- The Wild Rover: A Blistering Journey Along Britain’s Footpaths
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- The Wild Rover - National Library Board Singapore - OverDrive
The story ranges far and wide, to all corners of the country and beyond, and is filled with the many characters that Mike engages with along the way - the poets and artists, farmers and ramblers, landowners and Rights of Way officers and campaigners, historians, archivists and anyone else who crosses his path or even tries to block it. Mike discovers how these paths have become part of our cultural landscape and why. It examines their chequered and surprisingly turbulent history. Daily Telegraph. Convert currency.
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The Wild Rover: A Blistering Journey Along Britain’s Footpaths
Brand New Book. Provocative, funny and personal, this book celebrates Britain s unique and extraordinary network of footpaths. Seller Inventory WBC More information about this seller Contact this seller. Book Description Collins, Book Description HarperCollins Publishers, From trudging along uber-sterile new Long Distance Paths, to exploring possibly haunted corpse paths, to simply discovering all the paths within 3 miles of home, this book has been an inspiring distraction from my daily commute.
And as I am now apparently! Oct 23, Jane rated it liked it. Written on the back of the success of his previous book 'Map Addict' this had some rather forced humour along with some interesting facts. Possible in need of a good editor? Jan 01, Don rated it liked it Shelves: travelling , , outdoors-living. This is a fairly comprehensive review of Britain's footpaths, with observations on those who walk them - especially those who walk them at the present day. It is partly biographical, being largely based on the writer's own experiences over the course of a year, but backed up by considerable research.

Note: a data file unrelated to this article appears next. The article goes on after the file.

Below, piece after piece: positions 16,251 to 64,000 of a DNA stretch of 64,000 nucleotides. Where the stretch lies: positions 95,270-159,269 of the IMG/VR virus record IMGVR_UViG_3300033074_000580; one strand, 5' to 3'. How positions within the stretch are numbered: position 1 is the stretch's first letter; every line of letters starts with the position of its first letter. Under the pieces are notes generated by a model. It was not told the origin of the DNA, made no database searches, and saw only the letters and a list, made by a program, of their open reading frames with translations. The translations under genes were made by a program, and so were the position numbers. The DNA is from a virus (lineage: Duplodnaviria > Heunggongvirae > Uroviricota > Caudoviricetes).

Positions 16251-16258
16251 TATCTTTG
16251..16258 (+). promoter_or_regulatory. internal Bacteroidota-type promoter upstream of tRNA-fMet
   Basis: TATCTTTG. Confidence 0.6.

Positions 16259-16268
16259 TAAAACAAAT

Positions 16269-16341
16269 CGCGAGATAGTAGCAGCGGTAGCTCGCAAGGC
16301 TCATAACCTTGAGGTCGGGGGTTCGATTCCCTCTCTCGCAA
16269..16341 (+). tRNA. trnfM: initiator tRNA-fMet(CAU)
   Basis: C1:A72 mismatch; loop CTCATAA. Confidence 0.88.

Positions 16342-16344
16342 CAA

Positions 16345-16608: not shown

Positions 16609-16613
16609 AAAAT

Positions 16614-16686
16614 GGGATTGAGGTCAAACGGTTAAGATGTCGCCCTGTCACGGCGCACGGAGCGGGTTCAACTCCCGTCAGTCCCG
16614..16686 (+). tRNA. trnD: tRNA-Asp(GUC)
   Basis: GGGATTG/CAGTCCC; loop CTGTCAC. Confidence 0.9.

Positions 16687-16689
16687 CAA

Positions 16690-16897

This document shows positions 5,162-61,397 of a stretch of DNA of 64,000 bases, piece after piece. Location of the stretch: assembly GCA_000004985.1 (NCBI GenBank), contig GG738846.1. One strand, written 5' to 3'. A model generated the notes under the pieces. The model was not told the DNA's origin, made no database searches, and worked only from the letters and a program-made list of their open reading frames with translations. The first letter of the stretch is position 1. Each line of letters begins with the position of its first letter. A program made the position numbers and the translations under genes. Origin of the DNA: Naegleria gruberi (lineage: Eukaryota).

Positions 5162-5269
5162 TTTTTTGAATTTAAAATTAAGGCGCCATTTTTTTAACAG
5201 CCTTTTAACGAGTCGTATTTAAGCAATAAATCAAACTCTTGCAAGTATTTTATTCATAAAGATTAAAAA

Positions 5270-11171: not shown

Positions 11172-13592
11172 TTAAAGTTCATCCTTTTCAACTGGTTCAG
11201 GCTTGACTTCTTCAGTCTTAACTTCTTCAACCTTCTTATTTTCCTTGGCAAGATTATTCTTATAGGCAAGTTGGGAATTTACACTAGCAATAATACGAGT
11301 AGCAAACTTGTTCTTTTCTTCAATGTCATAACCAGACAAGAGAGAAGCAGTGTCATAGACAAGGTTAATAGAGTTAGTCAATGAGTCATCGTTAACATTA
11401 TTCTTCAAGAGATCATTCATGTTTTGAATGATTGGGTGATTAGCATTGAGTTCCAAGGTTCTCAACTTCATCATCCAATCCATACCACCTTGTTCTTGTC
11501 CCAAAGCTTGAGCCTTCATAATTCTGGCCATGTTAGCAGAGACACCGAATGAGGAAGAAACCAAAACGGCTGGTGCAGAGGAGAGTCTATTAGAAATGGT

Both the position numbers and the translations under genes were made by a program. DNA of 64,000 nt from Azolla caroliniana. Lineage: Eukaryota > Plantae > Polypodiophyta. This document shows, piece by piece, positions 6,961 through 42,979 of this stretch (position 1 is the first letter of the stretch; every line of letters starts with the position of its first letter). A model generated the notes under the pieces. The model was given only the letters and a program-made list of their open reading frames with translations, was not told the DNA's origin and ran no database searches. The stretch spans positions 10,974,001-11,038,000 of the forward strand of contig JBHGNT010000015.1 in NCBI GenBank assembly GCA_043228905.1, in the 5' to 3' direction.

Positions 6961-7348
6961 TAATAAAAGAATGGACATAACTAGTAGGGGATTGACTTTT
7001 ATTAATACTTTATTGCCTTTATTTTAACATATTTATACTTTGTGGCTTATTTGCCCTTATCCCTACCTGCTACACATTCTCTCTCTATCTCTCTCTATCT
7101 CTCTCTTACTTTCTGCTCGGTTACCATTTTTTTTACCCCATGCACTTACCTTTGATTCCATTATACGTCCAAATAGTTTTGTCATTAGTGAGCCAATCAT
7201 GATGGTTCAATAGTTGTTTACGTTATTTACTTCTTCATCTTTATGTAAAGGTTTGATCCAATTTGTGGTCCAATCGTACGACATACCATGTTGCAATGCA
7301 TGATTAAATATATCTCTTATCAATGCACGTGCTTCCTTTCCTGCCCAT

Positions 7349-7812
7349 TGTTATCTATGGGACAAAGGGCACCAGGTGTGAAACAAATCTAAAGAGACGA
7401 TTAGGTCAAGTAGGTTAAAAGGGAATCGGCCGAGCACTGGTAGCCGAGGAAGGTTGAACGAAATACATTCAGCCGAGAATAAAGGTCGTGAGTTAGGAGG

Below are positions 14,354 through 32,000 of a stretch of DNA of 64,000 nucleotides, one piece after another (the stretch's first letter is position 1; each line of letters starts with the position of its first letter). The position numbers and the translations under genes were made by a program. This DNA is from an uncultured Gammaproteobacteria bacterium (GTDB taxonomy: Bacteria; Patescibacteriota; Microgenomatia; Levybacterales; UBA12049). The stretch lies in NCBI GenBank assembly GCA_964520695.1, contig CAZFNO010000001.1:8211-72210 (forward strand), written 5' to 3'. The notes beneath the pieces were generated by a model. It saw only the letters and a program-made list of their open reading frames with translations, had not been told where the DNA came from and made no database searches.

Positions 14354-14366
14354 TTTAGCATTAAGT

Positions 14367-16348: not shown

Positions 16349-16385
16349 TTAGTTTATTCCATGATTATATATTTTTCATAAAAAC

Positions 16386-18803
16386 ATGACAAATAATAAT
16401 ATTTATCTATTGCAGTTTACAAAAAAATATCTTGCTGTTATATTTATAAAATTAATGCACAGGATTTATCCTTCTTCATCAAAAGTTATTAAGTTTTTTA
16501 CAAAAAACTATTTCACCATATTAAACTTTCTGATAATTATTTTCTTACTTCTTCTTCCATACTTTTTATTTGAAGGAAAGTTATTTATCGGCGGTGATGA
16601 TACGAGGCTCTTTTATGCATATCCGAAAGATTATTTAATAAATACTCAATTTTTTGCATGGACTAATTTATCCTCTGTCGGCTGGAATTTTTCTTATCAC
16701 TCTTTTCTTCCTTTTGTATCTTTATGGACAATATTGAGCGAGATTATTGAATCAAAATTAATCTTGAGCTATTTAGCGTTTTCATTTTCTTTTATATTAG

It is an interesting book, and the style may appeal to many - but not to me. I found it verging on dull in too many places, and found myself speed-reading some sections.
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But parts are good, and some This is a fairly comprehensive review of Britain's footpaths, with observations on those who walk them - especially those who walk them at the present day. But parts are good, and some are amusing. Jun 24, James Traxler rated it really liked it. Thoroughly interesting.
Some history of UK public rights of way and how it all came about, and some lovely descriptions of walks. Made me want to go out and do a bit more walking across the countryside. Dec 30, Aurelija rated it really liked it. Relatable, if a bit too left, even for me! Mar 18, Mark Armstrong rated it really liked it.
Mar 03, Ivan Monckton rated it liked it. An entertaining account of footpaths, walking and some of the issues around it. Suffers from an element of glibness and some silly cliches, eg the bullshit about incomers property being much more liable to signposting than 'locals'. Also, surprisingly as Parker is a resident, his claim that Powys has 20 ROW officers is hugely inflated.
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- The Wild Rover: a blistering journey along Britain's footpaths.
- The Wild Rover: A Blistering Journey Along Britain’s Footpaths.
Having said all that, there are plenty of 'laugh out loud' moments, and certainly enough enjoyment in the reading of it to want to get hold of his map book. PS I am An entertaining account of footpaths, walking and some of the issues around it. Aug 16, Helen rated it it was amazing Shelves: own-books , non-fiction. Enjoyed this very much.